It might happen that the actual results of the business diverts from the planned structure, leading to financial deviation in measurements. When the actual results match with the forecast there is a profit whereas when there is a mismatch it leads to a loss. So at the very outset it is known that the forecasts may not materialize. This is known as risk. The possibility of risk arises when there is an uncertainty regarding the outcome of an event. Suppose, a US based company wants to set up its operations in UK. For this it has to set up a new unit in UK, buy equipments, employ new staff etc. All this requires funds. This can be obtained as loans from financial institutions. But the loan comes at a cost which is the rate of interest that the company has to pay on the amount raised. This exposes the company to interest rate risk. If the rate of interest rises, the interest burden of the company increases putting a strain on the earnings.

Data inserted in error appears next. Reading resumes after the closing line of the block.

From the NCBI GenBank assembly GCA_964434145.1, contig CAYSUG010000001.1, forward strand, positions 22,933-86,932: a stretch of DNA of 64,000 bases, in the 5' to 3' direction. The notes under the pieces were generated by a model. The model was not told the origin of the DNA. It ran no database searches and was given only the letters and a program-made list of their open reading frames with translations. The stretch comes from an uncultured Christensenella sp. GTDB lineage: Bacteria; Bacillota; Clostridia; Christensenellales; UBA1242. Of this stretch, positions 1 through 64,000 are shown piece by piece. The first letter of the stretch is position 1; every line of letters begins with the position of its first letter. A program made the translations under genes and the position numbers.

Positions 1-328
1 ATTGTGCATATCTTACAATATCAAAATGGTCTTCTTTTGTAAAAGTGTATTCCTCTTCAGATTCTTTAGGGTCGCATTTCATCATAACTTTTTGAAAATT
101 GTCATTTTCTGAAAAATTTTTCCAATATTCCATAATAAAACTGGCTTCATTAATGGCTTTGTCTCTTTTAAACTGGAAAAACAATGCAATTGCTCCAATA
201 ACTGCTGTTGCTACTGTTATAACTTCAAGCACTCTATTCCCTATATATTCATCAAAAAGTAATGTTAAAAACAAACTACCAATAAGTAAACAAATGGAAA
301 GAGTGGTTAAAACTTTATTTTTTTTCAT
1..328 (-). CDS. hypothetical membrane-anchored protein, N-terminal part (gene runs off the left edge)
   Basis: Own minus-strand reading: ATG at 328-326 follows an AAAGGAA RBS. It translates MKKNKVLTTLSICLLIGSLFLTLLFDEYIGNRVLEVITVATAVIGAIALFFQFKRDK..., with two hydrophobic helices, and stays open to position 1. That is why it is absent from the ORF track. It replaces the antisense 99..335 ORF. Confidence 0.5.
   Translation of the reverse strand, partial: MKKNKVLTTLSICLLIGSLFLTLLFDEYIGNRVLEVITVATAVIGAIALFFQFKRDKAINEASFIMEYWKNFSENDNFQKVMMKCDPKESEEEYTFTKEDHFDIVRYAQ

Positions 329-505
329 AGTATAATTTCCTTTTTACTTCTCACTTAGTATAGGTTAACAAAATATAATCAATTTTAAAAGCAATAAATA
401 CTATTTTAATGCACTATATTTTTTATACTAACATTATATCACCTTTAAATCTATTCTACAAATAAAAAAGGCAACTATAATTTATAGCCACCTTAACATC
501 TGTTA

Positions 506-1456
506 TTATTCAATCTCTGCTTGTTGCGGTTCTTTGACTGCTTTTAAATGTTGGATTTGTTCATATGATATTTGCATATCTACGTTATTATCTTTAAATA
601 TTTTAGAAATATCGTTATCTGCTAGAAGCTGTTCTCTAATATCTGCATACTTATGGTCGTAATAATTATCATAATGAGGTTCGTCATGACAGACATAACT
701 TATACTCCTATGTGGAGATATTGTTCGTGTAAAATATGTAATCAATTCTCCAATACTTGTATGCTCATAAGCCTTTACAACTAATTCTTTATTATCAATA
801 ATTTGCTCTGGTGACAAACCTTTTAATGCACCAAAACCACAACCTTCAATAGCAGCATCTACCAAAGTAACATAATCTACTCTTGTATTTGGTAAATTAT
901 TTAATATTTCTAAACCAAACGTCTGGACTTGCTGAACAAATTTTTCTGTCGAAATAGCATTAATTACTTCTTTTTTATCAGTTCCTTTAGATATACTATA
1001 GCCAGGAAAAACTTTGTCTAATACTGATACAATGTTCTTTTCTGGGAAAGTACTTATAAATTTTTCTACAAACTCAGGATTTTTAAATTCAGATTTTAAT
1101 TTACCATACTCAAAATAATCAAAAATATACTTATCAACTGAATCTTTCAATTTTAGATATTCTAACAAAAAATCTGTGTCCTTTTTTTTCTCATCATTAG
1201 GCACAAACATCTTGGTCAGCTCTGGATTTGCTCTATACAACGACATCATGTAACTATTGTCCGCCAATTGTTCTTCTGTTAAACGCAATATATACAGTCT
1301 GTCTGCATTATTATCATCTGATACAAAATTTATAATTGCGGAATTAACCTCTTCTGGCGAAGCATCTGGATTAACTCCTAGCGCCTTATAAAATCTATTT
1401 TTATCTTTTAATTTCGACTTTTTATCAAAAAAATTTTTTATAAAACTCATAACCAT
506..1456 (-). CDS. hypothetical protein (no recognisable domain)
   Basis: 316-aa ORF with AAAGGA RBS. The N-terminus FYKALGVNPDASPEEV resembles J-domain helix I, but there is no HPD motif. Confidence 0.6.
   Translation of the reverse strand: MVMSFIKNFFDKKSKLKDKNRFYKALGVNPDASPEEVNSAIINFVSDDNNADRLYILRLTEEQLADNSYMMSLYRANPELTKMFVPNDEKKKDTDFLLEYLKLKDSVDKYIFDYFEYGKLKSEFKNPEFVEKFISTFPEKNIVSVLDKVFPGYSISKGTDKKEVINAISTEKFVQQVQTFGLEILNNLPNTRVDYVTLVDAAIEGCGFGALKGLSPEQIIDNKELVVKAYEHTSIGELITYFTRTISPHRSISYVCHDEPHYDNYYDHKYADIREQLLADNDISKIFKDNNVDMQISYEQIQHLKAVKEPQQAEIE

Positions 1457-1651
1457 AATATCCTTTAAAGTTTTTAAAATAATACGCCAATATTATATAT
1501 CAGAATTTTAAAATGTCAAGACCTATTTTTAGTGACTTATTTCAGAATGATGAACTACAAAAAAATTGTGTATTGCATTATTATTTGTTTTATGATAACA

A new investment has to face the risk of market competition. The existing competitors may have a strong market reputation. This will make it difficult to penetrate the market. If the company’s product is not accepted by the customers this might result in loss of huge revenues. It is important that the management has proper strategies in place to counter this risk.
The company accepts a project based on an anticipation of future cash inflows. But there remains an uncertainty about the generation of the future cash flows. If an organization sells goods on credit, there is a possibility of non-payment by the debtors. This will impact the profitability of the project. To ensure that the non-payment does not affect the project performance the company must take the requisite steps.
The overseas operations of the company give rise to foreign currency receivables and payables. It has to pay for the purchase of raw material, equipments and other costs in the foreign